INSIGHT ON: Business Services – Health care conundrum

Posted on Dec 6, 2013 :: Business Services , Insight On
Posted by , Insight on Business Staff Writer

BizServicesThe Affordable Care Act, often known simply as ObamaCare, will have little impact on employers who already provide health coverage for their workforce.

“A lot of employers are already set up with plans that are compliant,” says Todd Cleary, a lawyer at Godfrey & Kahn who specializes in employee benefit regulation. “Companies already offering coverage won’t have to make any changes.”

Well, probably not – but because the regulations are in flux, it’s best to check with expert consultants like Cleary just to make sure.

The regulation has been changing almost daily, even before the mid-November announcement from President Obama that individuals would be allowed to keep existing insurance programs even if they don’t match the coverage levels prescribed in the ACA. The best advice is to check with at least one consultant – an insurance agent, an accountant or an attorney. Chris Hanson, at Hanson Benefits in Appleton, says she was recently on a panel about the ACA with a lawyer who was wrong about some impacts of the ACA on local health plans.

Pam Branshaw, a partner at Wipfli LLP in Eau Claire, says the Kaiser Family Health Foundation has a website that provides accurate information about ObamaCare in clear language for individuals and employers. Talk radio hosts are not the best source of accurate information, say professionals who have occasionally had to clear up misinformation that clients picked up listening to AM radio. Wipfli also has information for employers on its website, www.wipfli.com/healthcare.

Cleary says there are a number of small changes around the edges of health care that employers should be aware of. In September, the IRS issued some new rules around ancillary plans that smaller employers sometimes use to let employees buy insurance or to pay for medical care. Wellness plans also have some new rules effective Jan. 1.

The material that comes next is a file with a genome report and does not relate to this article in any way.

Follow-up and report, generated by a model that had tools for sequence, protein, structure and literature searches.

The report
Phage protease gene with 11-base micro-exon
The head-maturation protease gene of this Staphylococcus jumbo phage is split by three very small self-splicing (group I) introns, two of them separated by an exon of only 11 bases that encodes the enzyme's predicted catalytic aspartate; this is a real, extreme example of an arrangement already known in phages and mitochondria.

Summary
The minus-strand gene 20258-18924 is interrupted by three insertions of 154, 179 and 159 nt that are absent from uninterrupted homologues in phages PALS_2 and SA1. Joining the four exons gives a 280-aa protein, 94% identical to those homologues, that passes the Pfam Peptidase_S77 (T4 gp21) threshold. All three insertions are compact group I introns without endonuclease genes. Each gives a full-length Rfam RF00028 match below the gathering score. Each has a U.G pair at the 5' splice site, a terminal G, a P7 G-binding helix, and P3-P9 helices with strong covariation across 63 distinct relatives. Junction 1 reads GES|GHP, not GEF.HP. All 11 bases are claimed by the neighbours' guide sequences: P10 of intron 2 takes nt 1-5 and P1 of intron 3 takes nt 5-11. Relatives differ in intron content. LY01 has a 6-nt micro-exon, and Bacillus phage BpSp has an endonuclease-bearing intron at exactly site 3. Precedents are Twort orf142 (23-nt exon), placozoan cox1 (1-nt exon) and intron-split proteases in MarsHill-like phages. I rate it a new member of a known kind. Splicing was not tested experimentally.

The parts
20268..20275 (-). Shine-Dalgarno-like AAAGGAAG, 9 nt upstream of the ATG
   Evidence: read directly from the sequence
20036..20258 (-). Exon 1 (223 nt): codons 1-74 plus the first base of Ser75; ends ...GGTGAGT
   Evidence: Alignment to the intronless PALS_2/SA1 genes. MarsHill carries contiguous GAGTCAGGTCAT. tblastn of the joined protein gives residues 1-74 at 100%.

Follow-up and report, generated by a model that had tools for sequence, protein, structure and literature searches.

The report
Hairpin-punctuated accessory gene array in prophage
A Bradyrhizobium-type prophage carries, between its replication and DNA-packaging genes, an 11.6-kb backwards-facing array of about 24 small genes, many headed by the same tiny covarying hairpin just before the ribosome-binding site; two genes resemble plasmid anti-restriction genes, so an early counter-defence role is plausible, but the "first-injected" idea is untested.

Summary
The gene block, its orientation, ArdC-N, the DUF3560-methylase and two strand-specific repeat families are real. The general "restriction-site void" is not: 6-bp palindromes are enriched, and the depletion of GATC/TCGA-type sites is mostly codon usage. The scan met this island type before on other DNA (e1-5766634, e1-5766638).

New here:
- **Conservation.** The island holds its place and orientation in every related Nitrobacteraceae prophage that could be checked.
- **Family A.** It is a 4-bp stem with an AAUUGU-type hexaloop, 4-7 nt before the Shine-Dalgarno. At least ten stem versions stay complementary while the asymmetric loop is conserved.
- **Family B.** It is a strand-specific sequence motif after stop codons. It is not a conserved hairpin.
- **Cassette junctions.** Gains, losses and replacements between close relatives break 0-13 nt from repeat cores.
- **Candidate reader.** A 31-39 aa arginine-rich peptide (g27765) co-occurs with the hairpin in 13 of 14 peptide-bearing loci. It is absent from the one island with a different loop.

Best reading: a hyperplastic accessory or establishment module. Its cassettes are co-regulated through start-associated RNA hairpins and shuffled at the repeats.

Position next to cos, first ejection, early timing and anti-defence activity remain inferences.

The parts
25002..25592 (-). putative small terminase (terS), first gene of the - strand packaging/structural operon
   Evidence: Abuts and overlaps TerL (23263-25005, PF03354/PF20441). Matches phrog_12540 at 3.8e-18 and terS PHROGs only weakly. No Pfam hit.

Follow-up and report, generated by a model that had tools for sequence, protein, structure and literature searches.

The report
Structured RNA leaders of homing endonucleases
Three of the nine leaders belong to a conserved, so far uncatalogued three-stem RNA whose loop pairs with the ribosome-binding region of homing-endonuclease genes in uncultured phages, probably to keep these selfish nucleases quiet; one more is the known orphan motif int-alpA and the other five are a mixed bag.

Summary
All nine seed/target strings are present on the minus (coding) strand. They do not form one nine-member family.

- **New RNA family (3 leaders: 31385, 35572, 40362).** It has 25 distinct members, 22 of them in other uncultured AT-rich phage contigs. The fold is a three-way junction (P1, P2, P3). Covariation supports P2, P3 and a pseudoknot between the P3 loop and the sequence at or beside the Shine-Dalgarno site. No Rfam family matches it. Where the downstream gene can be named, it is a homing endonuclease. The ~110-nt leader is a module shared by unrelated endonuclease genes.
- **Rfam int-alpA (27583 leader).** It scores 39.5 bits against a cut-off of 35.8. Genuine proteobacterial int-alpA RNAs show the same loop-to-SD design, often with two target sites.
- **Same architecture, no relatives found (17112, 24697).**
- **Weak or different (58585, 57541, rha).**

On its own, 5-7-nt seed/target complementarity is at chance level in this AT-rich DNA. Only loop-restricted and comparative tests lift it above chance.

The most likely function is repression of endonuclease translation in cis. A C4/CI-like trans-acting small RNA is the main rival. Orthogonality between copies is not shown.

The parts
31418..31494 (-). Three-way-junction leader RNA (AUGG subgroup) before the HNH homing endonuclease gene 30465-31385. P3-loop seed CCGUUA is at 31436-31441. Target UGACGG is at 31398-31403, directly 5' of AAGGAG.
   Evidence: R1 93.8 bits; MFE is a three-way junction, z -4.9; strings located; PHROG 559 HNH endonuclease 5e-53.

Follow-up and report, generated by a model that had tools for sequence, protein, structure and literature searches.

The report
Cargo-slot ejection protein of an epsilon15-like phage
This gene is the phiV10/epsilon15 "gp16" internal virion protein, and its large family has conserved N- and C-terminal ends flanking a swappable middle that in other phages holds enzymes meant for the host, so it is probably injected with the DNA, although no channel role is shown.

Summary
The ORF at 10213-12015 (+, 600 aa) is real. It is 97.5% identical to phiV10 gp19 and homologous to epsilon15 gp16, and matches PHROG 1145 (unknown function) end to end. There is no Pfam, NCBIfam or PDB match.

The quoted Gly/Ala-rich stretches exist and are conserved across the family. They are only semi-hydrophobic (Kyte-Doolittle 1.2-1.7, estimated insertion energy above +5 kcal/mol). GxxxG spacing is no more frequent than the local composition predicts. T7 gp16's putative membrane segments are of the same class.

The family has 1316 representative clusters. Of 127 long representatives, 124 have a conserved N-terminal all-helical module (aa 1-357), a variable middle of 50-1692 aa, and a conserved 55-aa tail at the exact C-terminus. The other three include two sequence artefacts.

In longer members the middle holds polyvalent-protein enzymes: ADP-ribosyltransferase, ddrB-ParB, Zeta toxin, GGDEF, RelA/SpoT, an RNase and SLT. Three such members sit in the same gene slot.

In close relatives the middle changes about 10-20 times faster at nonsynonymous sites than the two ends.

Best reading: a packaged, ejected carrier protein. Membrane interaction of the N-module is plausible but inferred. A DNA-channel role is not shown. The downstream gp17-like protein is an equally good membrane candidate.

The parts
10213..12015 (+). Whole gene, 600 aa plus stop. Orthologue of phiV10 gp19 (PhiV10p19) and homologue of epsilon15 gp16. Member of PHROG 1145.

Branshaw says she spends a lot of her time educating clients so they can figure out what they need. The firm subscribes to a number of research services to keep up-to-date on the law, she added.

The first step with clients is figuring if they have more than 50 full-time employees. Companies on the edge of that number who want to stay below it have to check eligibility rules and maintain average employment under 50 for 2014, Cleary says, so they should start targeting that figure in January.

“If they are over 50 employees and offer health insurance, it is business as usual. If they have part-time employees, they need to closely monitor hours and offer insurance to employees who are working more than 30 hours a week,” Branshaw says.

“The problem is that it is such a complicated law and everybody’s situation is different,” she says. “Among large employers, everyone offers pretty much similar benefits, but small employers have to be creative to get tax-free benefits to employees.”

Cafeteria plans will still be permitted, Branshaw says, but employers who offer them also have to offer group health coverage. The law aims to take individual insurance products out of the small business market and have individuals go to the state marketplace to buy coverage from standardized plans that allow consumers to compare coverage and prices. (Branshaw was speaking in mid-November; new regulations in October had changed the rules for cafeteria plans and she was working on making the changes for 51 clients, and that was before President Obama changed the rules for individuals.)

Hanson says the law is really focused on the individual and small business market. There are some plusses in the law, but with a price, she explained.

“You cannot open the arms of the carriers to more people with no underwriting and have it cost less,” Hanson says.

For one of Hanson’s clients, who faced a 60 percent increase because the staff had a range of health problems, she has advised waiting until January when their health records won’t be a factor in getting coverage.

Some carriers have chosen to sit out 2014 because they can’t measure their risks, she added. Other carriers are offering clients the ability to renew Dec. 1 for a year, regardless of when their existing policies expire, and many of them are offering reductions in premiums or very small increases. She can quote from seven carriers and has found some significant savings by moving clients to new plans. One client achieved a 40 percent reduction for a small group that had a high-risk individual who has since left. The group’s existing carrier wouldn’t change the premium, but new carriers reviewed the risks and offered lower rates.

“I think carriers have looked at their blocks of business and decided to keep these groups on their books.” Hanson advises most clients to renew and then they will have a year to let the dust settle.

Wisconsin declined to set up its own health exchange, so residents who need to buy health insurance individually are stuck with the troubled federal health exchange site. For a view of how a state site can work, visit Minnesota’s: www.health.state.mn.us/mnsurenetworks/.

Employers should stay in touch with their agents starting about mid-year because all these policies that are renewing in December will also be expiring at the same time.

“Next December is going to be a killer,” Hanson says.